East of the Wall's second album, 2010's Ressentiment, represents a major turning point for the New Jersey musos, who officially shut down their various parallel bands to focus entirely on this project, incorporated vocals for the first time into their formerly instrumental format, and linked up with a new, more resourceful record label in Translation Loss to help further their career. These tactical moves should not be misconstrued in any way as concessions, however, but as conviction, since the highly technical and challenging hourlong concept album at hand is unlikely to crop up on any commercial music charts. No, although there are plenty of atmospheric settings and softer musical dynamics spread across Ressentiment's conceptual suite, a U-turn toward East of the Wall's more savage musical roots in hardcore and metal is never far away -- make that rarely even one song away. In the simplest terms, the group combines the post-metal eclecticism of Isis with the epileptic metalcore of Converge, sprinkling in math-metal equations and art rock abstracts along the way (even progressive death-jazz pioneers Cynic come to mind, now and then), and constantly balancing beguiling melodies and jarring dissonance on a sonic knife's edge. The resulting oftentimes exhausting musical smorgasbord certainly isn't for everyone, but will probably become a chosen few's veritable bible -- and one feels East of the Wall's cerebral musical revolutionaries wouldn't have it any other way.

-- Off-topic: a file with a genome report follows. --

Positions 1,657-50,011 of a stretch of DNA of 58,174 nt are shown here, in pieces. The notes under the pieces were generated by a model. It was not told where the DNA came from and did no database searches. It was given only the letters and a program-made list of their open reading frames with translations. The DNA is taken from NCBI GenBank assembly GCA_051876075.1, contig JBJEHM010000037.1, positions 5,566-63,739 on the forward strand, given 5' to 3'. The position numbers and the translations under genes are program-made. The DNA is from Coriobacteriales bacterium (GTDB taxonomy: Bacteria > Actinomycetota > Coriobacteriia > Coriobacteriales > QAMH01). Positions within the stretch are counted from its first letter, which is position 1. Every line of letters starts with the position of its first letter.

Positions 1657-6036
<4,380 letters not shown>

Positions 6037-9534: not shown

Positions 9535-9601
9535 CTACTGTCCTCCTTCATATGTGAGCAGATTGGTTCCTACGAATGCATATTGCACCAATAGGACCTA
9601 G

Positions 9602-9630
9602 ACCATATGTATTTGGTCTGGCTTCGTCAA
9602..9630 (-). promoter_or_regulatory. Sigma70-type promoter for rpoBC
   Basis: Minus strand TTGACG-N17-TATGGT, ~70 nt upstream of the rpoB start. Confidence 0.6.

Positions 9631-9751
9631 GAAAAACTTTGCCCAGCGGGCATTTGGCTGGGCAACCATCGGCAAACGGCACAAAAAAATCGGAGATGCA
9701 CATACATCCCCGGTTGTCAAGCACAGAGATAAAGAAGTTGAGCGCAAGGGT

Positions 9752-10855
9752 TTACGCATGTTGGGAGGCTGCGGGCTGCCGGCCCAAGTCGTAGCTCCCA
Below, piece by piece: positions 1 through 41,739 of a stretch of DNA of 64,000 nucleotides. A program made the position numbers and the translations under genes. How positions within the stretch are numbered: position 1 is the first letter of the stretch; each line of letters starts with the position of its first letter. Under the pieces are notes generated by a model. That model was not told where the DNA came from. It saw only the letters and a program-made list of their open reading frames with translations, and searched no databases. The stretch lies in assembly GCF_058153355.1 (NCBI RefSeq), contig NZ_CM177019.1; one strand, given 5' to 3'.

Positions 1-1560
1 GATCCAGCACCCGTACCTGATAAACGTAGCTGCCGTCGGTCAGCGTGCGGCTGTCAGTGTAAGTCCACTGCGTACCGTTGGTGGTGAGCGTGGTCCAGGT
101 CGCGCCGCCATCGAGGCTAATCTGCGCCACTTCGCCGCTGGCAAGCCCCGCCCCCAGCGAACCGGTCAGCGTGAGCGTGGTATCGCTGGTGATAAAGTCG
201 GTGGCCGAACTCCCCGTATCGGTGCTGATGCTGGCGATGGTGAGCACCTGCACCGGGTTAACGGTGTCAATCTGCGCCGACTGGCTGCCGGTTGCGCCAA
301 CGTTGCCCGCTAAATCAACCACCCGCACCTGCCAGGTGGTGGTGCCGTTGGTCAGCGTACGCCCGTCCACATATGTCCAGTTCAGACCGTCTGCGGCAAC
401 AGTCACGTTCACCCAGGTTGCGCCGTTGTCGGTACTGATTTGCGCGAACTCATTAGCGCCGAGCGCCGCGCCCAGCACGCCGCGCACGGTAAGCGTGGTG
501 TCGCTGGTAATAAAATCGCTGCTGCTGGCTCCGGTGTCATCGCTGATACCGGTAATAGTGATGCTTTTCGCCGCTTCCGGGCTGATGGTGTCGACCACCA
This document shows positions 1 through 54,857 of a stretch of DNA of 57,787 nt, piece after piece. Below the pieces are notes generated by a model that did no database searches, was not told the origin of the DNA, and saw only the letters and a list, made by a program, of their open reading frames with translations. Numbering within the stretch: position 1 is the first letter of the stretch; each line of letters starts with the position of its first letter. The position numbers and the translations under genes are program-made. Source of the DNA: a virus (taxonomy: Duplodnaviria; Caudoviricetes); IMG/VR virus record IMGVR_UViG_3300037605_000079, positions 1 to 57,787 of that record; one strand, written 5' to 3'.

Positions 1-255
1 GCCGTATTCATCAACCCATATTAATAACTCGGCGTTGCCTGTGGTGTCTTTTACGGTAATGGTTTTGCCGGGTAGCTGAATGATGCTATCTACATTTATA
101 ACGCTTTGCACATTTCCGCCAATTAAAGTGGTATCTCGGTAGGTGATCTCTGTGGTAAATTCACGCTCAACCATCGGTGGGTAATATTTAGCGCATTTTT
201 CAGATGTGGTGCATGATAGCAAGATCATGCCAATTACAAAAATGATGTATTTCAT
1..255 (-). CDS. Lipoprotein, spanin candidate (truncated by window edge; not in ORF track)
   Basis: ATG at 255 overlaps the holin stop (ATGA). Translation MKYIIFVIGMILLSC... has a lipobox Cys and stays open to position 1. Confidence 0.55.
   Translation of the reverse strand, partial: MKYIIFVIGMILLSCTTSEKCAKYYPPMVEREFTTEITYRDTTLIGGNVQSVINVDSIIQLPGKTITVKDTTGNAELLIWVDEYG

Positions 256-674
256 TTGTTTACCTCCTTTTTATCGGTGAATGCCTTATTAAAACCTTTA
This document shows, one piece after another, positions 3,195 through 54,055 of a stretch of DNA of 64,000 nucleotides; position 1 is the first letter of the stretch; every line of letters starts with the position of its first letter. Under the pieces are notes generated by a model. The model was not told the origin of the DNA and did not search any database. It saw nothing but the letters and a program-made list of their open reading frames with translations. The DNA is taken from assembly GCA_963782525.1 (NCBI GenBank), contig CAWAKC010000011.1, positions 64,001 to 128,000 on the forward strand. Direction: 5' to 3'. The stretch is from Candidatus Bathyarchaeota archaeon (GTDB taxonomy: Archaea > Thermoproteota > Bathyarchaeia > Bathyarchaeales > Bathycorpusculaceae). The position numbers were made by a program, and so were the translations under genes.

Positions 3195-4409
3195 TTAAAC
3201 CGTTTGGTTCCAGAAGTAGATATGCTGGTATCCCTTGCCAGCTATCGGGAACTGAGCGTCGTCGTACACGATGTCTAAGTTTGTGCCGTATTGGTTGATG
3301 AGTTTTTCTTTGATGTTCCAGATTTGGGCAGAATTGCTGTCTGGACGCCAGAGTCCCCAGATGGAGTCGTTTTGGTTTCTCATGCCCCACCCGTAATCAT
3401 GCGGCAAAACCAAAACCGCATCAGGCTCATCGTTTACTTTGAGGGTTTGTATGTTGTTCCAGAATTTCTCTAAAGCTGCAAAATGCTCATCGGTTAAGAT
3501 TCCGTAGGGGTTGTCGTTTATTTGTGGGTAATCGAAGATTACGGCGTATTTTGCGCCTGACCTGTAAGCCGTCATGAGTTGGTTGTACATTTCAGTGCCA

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AllMusic Review by Eduardo Rivadavia